Dear Dr. Don,
For the past six years, I have had a $240,000, 30-year fixed-rate mortgage at 5.375 percent on a home worth about $490,000. Four years ago, I got a home equity line of credit for $100,000 at prime. Rates have dropped since then and I am thinking about refinancing the two loans into one loan.
I'd like to go with either a 30-year or 20-year fixed-rate loan, although I can afford a 15-year fixed-rate loan. I will have one child in college in three years and another in six years and expect to take on student loans to finance their college expenses. I have no plans to move within the next 10 years. Which refinance makes more sense given my situation, and should I roll the HELOC into the first loan?
-- Howard Homeowner
Because you don't need to restructure your debts to make the monthly payments more affordable, your goal should be to minimize the effective interest expense. Because the HELOC is an adjustable-rate loan, staying in that loan has you accepting the risk that the prime rate heads higher in the future. For now, that's not a problem -- the prime rate is currently at 3.25 percent and is expected to stay at or near that rate over the near term.
You have a very good rate on your existing first mortgage. However, today's mortgage rates are very low. As I write this reply, Bankrate's national average for a 30-year fixed-rate mortgage is 4.88 percent and a 15-year fixed-rate mortgage averages 4.33 percent.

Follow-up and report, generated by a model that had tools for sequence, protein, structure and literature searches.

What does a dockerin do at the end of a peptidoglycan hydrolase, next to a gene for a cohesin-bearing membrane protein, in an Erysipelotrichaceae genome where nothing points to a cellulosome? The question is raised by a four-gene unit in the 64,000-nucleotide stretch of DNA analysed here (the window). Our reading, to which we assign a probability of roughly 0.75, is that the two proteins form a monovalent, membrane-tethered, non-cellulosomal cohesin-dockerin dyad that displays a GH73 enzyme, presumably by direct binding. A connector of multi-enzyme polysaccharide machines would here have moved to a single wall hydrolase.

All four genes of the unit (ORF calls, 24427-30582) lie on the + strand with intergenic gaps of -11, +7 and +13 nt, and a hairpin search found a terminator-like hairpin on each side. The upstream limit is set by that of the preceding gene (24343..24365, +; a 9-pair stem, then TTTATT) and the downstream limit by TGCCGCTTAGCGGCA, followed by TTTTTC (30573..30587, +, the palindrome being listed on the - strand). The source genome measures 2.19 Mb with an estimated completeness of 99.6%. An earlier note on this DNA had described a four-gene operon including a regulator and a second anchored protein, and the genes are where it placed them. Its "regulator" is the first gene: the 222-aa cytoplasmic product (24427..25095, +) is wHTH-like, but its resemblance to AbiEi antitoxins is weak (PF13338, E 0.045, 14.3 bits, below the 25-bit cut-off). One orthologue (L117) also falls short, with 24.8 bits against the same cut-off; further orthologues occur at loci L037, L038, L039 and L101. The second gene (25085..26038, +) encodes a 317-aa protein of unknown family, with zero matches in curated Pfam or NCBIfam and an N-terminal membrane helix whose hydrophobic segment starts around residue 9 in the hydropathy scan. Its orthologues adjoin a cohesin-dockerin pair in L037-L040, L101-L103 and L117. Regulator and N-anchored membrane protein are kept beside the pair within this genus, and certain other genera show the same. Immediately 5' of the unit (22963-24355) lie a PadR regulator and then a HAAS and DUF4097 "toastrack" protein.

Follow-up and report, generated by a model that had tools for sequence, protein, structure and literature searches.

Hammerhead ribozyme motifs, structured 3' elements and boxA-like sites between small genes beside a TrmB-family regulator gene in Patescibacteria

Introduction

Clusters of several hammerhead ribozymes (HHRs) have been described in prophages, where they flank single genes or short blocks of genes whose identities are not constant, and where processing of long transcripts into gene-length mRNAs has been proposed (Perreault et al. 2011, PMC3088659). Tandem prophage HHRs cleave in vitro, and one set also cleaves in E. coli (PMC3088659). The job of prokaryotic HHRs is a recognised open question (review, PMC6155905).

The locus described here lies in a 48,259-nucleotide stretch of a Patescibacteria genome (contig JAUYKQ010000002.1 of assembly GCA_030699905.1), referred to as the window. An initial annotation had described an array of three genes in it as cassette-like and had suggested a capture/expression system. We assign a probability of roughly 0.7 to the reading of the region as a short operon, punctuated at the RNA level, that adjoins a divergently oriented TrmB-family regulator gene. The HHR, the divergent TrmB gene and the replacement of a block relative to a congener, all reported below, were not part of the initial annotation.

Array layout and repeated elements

That should mean you can lower the interest rate on your first mortgage by 0.5 percent to 1 percent, but you'll pay 1 percent to 1.625 percent more than the current interest rate on your HELOC by refinancing into a new first mortgage. The blended rate on your existing loans is approximately 4.71 percent but with the risk that it can go higher.
If it were me, with a 10-year horizon for being in this house, I'd want to get out from under that interest rate risk while fixed-rate mortgages are at such low rates.
I'm a big proponent of financial flexibility. My concern in recommending a 15-year fixed-rate mortgage is that the payment you can afford now becomes less affordable when the children are in college. If you don't share that concern, go with the 15-year fixed-rate mortgage.
Aggressively paying down mortgage balances may give you the ability to re-tap that equity for college costs. This can be an alternative to taking out Parent Loans for Undergraduate Students, or PLUS, loans. While we don't know where interest rates for home equity are headed -- or where student loans will be when you need to take out the loans -- the fixed interest rate on a Direct PLUS Loan is 7.9 percent starting in July 2010.
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